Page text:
Also, investors may not value Snap as highly when it’s a camera vendor, given how the market treats hardware companies, which often have terrible margins. The stumbling GoPro is a fine, if painful, example of the challenges of living in Hardware-ville. Spectacles, by the way, aren’t even selling well enough to merit mention as a material contributor to company revenues.

Snapchat continues to have issues servicing the brands and marketers who’ll bring in the revenue the company needs. And one of the fellows brought in a year ago to fix all that, Sriram Krishnan, just left. That’s not encouraging to advertisers frustrated they can’t track and analyze their expensive Snap influencer campaigns, nor to investors who care about long-term revenue generation.

The app itself isn’t exactly queued up for world domination, even as it owns the eyeballs of America’s youth. WhatsApp’s launch of its Status capability means its 1.2 billion international users get a subset of Snapchat-like capabilities in their daily messaging app. And Snapchat doesn’t work on the low-end phones common overseas. It’s not even very reliable on Android and other non-iOS smartphones. WhatsApp, by contrast, works on pretty much everything more powerful than two tin cans and some string.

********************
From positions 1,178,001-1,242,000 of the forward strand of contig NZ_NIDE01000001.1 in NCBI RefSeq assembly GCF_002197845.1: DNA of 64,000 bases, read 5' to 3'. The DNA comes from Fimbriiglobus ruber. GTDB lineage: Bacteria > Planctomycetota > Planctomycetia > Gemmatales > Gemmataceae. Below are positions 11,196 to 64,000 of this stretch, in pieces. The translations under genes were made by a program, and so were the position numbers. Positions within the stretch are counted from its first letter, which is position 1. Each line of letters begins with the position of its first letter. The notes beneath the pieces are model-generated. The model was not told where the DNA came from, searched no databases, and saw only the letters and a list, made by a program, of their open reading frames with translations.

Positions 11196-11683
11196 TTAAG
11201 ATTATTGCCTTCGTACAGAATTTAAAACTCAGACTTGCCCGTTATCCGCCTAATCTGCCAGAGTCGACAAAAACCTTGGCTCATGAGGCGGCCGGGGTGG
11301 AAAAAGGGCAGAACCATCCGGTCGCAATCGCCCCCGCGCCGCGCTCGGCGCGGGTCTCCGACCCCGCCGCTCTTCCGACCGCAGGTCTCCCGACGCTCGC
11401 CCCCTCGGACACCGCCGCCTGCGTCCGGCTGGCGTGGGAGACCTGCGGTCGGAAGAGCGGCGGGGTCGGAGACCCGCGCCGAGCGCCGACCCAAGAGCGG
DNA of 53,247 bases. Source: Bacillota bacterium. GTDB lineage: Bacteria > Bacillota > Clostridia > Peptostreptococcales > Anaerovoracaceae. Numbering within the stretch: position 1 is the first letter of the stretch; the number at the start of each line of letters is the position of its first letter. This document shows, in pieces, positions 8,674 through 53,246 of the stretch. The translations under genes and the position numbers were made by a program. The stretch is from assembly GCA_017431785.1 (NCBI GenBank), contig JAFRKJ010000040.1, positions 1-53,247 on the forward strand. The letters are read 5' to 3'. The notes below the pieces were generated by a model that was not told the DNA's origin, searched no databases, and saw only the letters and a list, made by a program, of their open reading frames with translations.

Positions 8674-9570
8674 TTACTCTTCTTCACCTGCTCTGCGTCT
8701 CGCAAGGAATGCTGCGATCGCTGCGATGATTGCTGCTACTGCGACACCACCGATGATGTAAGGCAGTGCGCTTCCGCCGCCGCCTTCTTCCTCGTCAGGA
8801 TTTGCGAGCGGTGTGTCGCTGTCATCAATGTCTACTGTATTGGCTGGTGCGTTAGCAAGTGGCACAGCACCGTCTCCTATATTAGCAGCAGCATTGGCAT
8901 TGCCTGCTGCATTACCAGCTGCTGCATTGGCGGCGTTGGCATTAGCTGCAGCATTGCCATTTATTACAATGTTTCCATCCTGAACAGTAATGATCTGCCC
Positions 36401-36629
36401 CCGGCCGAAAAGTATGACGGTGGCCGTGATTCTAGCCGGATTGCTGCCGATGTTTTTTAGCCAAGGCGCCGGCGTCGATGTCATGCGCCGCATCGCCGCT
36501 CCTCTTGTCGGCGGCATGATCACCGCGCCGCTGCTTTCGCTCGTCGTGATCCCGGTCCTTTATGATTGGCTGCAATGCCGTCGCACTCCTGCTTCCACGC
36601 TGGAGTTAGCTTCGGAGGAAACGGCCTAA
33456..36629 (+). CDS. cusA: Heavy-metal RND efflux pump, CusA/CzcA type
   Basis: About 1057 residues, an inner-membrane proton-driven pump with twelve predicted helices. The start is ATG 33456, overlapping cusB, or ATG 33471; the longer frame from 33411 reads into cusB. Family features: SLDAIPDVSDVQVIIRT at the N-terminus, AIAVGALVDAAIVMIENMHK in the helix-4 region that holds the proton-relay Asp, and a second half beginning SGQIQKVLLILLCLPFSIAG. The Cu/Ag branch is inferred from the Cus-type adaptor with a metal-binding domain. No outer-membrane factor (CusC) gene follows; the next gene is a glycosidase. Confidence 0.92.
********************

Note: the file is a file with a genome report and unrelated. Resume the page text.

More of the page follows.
Spiegel has said he doesn’t want to dilute his app’s user experience so it can run on lesser phones. Fair enough. And Snap wants to focus on North America and Europe. That’s reasonable too, except only about a quarter of all Internet users live in North America and Europe. If you’re an investor hoping for globe-girdling growth the next few years, ignoring the other three quarters of the world may be an issue.